For those of you wanting to eat heart-healthy, it is good to know that fish and seafood can provide both omega-3 fats and a magnificent source of vitamin B12
ONE of the most common nutrient deficiencies I come across in my clinic is B12 – or cobalamin deficiency.
This essential water soluble vitamin plays an essential role in energy production, red and white blood cells' and all cells' DNA production as well as the normal functioning of the nervous system, so it affects every single cell and system in the body - including the immune system.
Its deficiency signs might be vague and often misdiagnosed. You might be tired, pale, get out of breath easily, have tinnitus or whistling in the ear, pins and needles, restless legs, poor balance, recurring mouth ulcers, a red, swollen tongue, burning or itching sensation in the mouth. Some people may only experience low moods and are put on antidepressants to deal with the symptoms and mask the problem. Some evidence also links dementia to low B12 levels – as it is one of the necessary nutrients for normal brain function.
Vitamin B12 is naturally found in animal foods, including meats, fish, poultry, eggs and some also found in dairy. Cobalamin is strongly bound in these foods, so you need a good digestive system with lots of stomach acid to be able to release the vitamin, then a well-balanced intestine to be able to absorb it. The elderly, or those with poor digestion – stomach ulcers, gastritis, heartburn, IBS, SIBO, those with autoimmune disorders affecting the stomach and small intestines and those on acid blocking medications may get easily deficient of B12. Other autoimmune disorders also interfere with B12 metabolism – including thyroid disorders.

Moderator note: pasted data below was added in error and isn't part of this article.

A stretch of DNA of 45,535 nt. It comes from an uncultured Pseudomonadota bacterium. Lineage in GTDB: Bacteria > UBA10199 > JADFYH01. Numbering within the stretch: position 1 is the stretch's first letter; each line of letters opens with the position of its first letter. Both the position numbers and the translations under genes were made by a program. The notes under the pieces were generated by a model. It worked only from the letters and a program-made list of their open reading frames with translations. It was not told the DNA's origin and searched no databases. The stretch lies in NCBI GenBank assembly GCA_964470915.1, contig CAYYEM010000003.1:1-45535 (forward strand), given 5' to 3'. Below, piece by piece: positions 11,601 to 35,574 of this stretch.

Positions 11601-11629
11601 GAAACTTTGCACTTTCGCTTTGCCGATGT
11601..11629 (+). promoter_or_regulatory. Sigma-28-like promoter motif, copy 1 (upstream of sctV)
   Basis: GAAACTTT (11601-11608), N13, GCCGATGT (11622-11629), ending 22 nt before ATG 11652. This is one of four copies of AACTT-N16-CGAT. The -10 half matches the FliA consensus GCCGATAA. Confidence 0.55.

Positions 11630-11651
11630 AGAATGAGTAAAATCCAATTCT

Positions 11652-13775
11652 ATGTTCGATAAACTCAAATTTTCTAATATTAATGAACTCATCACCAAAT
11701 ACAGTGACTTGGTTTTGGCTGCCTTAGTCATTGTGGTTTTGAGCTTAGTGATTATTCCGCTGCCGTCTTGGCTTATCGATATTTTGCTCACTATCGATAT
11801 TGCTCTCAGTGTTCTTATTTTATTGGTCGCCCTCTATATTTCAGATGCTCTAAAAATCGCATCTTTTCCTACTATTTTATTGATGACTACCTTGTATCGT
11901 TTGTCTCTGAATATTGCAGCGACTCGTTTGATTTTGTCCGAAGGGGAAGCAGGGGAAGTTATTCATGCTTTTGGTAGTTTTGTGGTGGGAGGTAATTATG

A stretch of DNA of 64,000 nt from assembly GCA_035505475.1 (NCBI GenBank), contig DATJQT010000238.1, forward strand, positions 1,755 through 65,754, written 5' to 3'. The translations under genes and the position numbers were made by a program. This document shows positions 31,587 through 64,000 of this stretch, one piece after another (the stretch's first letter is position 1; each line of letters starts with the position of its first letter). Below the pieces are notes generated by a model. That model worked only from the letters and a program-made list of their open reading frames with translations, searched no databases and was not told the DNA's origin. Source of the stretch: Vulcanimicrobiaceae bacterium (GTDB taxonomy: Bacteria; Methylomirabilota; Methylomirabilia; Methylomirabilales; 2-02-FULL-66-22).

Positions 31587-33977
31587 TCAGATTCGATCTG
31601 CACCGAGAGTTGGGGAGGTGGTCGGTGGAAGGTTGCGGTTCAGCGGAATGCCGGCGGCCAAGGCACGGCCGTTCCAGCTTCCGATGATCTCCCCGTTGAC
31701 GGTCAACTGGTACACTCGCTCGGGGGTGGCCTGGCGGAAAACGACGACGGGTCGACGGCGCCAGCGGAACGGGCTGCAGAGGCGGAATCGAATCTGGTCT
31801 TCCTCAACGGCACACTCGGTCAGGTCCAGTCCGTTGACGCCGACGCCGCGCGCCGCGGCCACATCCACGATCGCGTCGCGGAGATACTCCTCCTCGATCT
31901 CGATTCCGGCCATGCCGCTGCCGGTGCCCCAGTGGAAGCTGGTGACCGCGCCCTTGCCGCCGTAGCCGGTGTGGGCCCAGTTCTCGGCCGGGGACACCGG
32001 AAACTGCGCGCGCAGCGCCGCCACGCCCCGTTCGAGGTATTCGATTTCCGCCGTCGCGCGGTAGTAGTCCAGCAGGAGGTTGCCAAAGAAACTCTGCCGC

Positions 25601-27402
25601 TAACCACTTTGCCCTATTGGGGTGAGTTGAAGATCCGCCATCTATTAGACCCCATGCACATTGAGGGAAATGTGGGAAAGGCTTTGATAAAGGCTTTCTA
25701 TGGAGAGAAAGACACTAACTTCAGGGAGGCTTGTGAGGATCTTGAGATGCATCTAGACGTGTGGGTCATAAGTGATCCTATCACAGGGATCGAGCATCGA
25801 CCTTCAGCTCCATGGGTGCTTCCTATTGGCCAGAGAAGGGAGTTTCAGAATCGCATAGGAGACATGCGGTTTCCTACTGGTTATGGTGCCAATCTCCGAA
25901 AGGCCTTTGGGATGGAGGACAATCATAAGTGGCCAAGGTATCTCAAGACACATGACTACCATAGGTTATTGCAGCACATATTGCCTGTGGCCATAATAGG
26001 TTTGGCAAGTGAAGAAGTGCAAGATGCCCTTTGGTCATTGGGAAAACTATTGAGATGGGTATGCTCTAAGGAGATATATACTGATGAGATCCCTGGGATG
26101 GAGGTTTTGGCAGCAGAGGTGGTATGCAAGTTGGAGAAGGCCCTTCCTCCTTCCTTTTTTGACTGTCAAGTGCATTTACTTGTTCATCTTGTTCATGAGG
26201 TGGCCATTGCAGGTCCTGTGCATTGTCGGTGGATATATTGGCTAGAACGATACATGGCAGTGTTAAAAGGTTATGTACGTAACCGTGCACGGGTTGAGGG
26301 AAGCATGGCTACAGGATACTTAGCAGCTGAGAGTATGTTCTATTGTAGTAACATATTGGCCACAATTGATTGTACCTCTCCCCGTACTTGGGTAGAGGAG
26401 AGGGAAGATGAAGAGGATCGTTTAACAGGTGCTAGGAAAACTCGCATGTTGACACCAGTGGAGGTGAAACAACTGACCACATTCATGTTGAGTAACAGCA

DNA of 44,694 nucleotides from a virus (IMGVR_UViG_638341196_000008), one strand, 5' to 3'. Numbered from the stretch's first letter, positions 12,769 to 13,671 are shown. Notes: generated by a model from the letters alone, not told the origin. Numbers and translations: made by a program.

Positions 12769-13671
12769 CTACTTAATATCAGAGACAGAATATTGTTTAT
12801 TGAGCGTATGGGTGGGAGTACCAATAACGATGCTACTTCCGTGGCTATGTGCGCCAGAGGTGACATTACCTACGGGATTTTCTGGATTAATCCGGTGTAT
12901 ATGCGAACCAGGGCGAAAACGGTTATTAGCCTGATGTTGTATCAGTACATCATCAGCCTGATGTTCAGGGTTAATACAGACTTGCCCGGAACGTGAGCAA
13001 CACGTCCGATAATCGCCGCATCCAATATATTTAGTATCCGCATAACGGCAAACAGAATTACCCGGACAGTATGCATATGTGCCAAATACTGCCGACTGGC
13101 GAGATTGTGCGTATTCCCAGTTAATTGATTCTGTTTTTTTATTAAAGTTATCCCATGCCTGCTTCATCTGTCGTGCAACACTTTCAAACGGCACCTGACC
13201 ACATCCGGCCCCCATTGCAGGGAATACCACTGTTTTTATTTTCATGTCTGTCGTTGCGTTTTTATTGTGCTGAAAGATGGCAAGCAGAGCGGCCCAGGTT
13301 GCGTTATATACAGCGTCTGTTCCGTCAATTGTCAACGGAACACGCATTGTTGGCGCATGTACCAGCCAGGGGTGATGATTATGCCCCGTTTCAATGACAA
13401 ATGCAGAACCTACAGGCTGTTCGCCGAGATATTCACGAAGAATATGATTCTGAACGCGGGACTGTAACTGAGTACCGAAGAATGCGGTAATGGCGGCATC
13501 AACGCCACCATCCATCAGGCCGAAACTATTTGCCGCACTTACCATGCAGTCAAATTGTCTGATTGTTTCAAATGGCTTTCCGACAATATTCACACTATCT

Unfortunately, Vitamin B12 levels are not routinely tested – and even if your doctor arranges it for you, the normal range is very wide; between 200 and 1000 ng/mL.
Due to genetic and epigenetic differences some people may need much higher levels than others for their metabolism to work efficiently, in which case a different form of supplementation (methyl-cobalamin) might be necessary on top of ensuring adequate dietary supply and good digestion.
Another way to detect cobalamin – and most nutrient deficiencies, is with a simple urine test that shows your MMA – methylmalonic acid levels. This is a by-product of normal metabolism, which builds up if you are low on vitamin B12. The best routine blood marker is MCV, or mean corpuscular volume, which indicates the size of the red blood cells. If it is larger than 90 – you may benefit from extra B12 and dietary folate from green vegetables.
Either way, the root of the problem, as always, should be found and addressed. It is not enough to supplement, you need to absorb and activate your nutrients; sort out your digestive problems with nutritional therapy. If you produce immune cells against your parietal cells that assist B12 absorption, no amounts of dietary and supplemental B12 can help you – regular injections are needed to bypass the digestive system.
After a few months a special sublingual supplement that dissolves and gets absorbed under the tongue may replace injections – but your levels should be regularly monitored.